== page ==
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Full scan least request LB alg: would it provide better performance in some cases? #4481
Full scan least request LB algorithm
I've been using Envoy as a proxy/load balancer in front of an API with the following characteristics:
Because the requests are CPU intensive, it's good to evenly distribute the load across the servers, because if we're processing many requests in parallel on one machine, the performance degrades, with the CPU being the bottleneck.
Earlier I was using a simple Kubernetes load balancer (with an underlying Google Cloud load balancer), which only provided a round robin algorithm, so I switched to Envoy to be able to use Least Request, to better distribute the load across the servers.
Introducing Envoy and switching from
So I decided to test this. I implemented a dummy API (I called it PrimeCalcApi) which has similar characteristics that I described above. One request is fully using 1 CPU core, and its response times vary approximately between 100ms and 5 seconds. (It's doing some fake CPU-intensive work, calculating primes. The source is here: https://github.com/markvincze/PrimeCalcApi/tree/master/src/PrimeCalcApi.WebService)
Then I implented a very crude and naive Full Scan Least Request LB algorithm in Envoy (here is the PR in my fork: markvincze#1).
This is the full architecture.
Then I performed a load test in which I was continuously sending requests to this cluster through the Envoy LB. Initially 2 requests per second were sent, and I increased the rate of requests per second by 1, every 5 minutes. I was running the benchmark for 40 minutes, so at the end it was sending 8 requests per second. (The code of the benchmark is here: https://github.com/markvincze/PrimeCalcApi/tree/master/src/PrimeCalcApi.LoadTest)
(The API instances all have 1 CPU core, so as the request rate increases, once they start processing more than 1 request in parallel, their response time degrades as expected.)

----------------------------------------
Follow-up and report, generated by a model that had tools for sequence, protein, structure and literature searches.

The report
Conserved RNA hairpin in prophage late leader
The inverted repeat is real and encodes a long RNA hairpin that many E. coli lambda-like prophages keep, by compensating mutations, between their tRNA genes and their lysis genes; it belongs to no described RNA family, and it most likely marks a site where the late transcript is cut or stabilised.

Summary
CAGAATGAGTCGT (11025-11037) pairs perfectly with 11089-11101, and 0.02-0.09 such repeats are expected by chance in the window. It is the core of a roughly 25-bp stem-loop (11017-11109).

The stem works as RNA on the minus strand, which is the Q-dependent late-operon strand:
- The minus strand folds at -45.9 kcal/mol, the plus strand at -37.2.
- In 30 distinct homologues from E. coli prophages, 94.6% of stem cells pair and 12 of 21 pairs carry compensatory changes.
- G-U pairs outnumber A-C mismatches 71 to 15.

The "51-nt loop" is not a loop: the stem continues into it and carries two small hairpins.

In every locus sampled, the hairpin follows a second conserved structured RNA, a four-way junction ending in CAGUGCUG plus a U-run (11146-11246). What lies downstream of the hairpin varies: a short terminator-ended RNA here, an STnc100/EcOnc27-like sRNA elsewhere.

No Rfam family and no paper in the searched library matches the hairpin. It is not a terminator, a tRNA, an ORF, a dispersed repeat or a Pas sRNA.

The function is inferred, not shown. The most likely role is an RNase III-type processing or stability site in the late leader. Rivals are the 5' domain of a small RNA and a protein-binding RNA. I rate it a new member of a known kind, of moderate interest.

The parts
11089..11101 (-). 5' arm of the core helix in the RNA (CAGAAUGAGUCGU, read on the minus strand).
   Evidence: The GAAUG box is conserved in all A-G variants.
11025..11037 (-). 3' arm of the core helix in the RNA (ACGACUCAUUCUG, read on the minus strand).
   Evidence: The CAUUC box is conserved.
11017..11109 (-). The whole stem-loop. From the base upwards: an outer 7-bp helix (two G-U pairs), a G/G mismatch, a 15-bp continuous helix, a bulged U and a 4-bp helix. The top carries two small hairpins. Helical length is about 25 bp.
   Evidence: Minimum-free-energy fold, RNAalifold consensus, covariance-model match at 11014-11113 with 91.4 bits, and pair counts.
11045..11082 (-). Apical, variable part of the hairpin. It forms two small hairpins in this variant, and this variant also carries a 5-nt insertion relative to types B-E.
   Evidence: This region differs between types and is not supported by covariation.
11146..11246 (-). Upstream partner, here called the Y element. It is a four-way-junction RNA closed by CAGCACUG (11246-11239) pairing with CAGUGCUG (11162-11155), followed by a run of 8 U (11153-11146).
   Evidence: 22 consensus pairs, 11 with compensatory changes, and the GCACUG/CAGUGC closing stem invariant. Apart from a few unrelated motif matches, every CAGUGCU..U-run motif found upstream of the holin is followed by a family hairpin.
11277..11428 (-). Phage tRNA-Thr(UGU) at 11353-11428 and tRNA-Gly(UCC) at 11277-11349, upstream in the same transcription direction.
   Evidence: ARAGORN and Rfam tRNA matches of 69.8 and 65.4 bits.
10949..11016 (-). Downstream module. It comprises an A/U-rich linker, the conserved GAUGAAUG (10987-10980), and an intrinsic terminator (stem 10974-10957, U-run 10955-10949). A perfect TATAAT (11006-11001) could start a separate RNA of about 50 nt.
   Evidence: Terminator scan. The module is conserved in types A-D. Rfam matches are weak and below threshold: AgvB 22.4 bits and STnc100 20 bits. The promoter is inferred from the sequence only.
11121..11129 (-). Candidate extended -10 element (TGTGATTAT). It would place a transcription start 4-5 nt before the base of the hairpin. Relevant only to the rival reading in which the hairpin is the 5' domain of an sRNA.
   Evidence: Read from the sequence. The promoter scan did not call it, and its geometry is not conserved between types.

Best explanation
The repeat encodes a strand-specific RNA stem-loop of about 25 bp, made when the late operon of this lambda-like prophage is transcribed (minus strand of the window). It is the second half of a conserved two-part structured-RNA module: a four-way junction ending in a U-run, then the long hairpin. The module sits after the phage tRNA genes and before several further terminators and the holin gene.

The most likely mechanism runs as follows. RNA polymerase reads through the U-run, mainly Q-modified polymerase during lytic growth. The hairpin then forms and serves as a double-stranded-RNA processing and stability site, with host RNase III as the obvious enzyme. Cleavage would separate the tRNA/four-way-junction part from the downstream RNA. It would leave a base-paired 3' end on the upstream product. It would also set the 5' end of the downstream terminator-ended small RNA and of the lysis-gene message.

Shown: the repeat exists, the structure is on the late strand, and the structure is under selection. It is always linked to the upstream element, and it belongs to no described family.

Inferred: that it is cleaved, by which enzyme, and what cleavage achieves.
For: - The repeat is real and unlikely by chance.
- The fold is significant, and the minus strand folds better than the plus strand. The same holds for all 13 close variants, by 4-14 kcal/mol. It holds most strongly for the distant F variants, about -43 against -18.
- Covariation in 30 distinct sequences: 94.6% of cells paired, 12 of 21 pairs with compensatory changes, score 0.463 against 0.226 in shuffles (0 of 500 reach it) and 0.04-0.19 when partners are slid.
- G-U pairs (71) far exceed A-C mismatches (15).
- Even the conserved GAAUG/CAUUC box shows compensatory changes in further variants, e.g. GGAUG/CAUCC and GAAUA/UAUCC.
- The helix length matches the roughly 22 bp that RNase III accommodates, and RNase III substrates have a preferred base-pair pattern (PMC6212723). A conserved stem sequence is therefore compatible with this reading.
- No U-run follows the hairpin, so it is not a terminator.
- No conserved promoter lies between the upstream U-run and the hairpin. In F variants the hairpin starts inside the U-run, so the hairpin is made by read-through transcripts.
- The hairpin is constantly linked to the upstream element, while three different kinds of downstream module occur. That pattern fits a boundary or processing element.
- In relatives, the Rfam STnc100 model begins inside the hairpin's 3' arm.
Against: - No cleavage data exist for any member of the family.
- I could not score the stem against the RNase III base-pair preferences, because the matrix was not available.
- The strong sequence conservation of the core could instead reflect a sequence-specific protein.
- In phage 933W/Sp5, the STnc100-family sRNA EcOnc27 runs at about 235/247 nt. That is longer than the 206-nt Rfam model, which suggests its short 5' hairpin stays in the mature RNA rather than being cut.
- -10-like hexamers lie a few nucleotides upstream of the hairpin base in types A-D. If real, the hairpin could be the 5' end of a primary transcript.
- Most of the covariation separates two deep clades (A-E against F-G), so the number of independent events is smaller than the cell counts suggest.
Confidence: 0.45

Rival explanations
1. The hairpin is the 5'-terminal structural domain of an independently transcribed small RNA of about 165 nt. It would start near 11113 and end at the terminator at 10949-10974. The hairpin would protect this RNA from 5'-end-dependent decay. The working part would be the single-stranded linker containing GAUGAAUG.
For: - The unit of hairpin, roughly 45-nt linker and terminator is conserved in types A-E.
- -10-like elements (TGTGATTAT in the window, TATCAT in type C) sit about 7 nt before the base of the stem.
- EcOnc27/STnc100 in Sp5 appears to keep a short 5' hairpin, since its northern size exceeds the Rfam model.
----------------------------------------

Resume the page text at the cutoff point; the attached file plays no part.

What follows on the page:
I repeated this benchmark with
Throughout the benchmark I collected the following metrics:
These were the results for
You can see that the
And here are two more images showing for the 3 different algorithms the distribution of the number of requests being executed, and the response time graphs separately.
My question is:
@markvincze thanks for the thorough analysis here. Sorry if I missed this, but can you comment on how many servers you have as upstreams? I'd think that P2C, like any statistical algorithm, would be better at large numbers and that a full scan would be better with a small number of upstreams.
Do you see a discrepancy if you run the above experiments with a large number of upstreams (e.g. 50)?
FWIW, I think having a full scan algorithm in certain cases like yours (long lived/expensive requests) make sense. These are cases where the probablistic P2C algorithm will not do well. I would point out that there is also an option to have an option to switch P2C to PNC (meaning allow the user to specify N for > 2 choices). This might provide most of the benefit without a full scan.
@markvincze yeah, I think either adding a PNC or full scan variant of P2C seems the way to go. The fact that the problem doesn't become better as you scale up the hosts seems surprising to me, presumably at some sufficiently high number of hosts the two would converge or we have some bug?
I'd be surprised if this was a bug. My intuition was to expect results like this, although this is a pretty specific scenario, because
What could also make my benchmark results this extreme is that the 60 pods I'm testing with are all 1-core instances. So as soon as a node is processing not 1, but 2 requests in parallel, then its response time degrades almost twofold. Which I think can quickly start a "chain reaction" and slow the whole cluster down.
I dont think in a real life API (where we rarely have 100% pure CPU intensive requests like this) we would get this extreme improvement with full scan.
I'm a bit late here, but it makes total sense that at 8 requests per second at the experiments peak, the overhead of a full scan would be trivial for 60 instances given the timescale for which each request is running.
Have you tested the results of Matt's suggestion of using more than 2 choices on your benchmark?